Suicide cases will increase unless economy is fixed – Mental health boss warns
The Chief Executive Officer of the Mental Health Authority (MHA) has warned suicide incidents in the country might continue if the difficulties in the economy are not fixed.
Dr. Akwasi Osei said a key underlying factor that pushes people to take their own lives is the hardship they face especially in the economy.
Speaking to Gifty Andoh-Appiah on The Pulse on JOYNEWS channel on MultiTV Thursday, he said government has to do all it can to fix the economy.
“If the economy is not booming and people are having hardship you will have this [suicide] happening.”
Ghana has recorded four suicide incidents within the last four weeks, a development the Health Ministry has described as worrying.
The incidents which rapidity has confounded health officials started with a first year Chemical Engineering student of the Kwame Nkrumah University of Science and Technology taking her life on February 24.
Adwoa Agyarka Anyimadu-Antwi, 18, was reported to have taken a concoction identified as hazardous after which she hanged herself with a rope in her hostel room.
This was followed by the discovery of a lifeless body of a 16-year-old girl at New Tafo in the Eastern Region.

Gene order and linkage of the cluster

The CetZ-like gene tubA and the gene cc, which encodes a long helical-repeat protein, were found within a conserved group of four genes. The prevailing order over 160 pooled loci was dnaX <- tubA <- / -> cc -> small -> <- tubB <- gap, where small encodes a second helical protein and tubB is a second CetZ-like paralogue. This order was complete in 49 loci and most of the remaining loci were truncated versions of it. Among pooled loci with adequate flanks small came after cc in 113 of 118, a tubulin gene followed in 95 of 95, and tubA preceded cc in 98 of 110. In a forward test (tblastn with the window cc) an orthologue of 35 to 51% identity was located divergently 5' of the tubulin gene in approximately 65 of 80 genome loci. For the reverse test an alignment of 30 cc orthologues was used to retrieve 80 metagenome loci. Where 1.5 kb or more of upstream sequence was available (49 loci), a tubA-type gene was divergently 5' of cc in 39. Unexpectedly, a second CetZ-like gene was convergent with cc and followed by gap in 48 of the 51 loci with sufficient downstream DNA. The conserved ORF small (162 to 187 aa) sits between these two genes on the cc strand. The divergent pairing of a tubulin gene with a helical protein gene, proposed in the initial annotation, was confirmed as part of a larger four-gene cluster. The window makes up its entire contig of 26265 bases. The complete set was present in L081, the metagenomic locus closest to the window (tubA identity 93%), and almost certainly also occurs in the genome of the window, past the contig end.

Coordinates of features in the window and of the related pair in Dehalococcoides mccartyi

The teenager whose name has not been identified is said to have been discovered by her mother in their kitchen on March 8, with a rope tied around her neck.
Although it is unclear what might have driven a junior high school student to take her own life, her colleagues say she was unwell.
On the same day, a final year student of the University of Ghana was found lying in a pool of blood after allegedly jumping from the 4th floor of the Akuafo hall.
Jennifer Nyarko a resident of Akuafo Hall Annex A in room 407 is said to have been battling with high fever, but it has not been established if she deliberately fell over.
Also, on Thursday, a lifeless body of a man said to be in his mid-twenties was discovered hanging on a tree at Old Achimota, a suburb of Accra.
Tesano District Police Commander, DSP Edward Tetteh, said their preliminary investigations revealed the deceased was at a betting house hours before the incident happened.
Dr. Osei who has been on the heels of government to prioritise mental health issues in the country said the rising rate of suicide is an “unpleasant situation.”
He attributed the development to mental health problems which he accuses government of ignoring to the detriment of the country.
Although he lauded the passage of the Mental Health Act, he said the Legislative Instrument (L.I) that is required to put the law into action has not been passed.
“If you have this [L.I] there will be massive public education, employee assistance programmes to schools that will give counseling opportunities to people to identify the underlying problems,” he said.
Nonetheless, Dr Osei said the important work is in making the economy less difficult for the citizens to conduct their activities.
Suicide rate in the country will go down if the economy creates opportunities and improves the livelihood of Ghanaians, he said.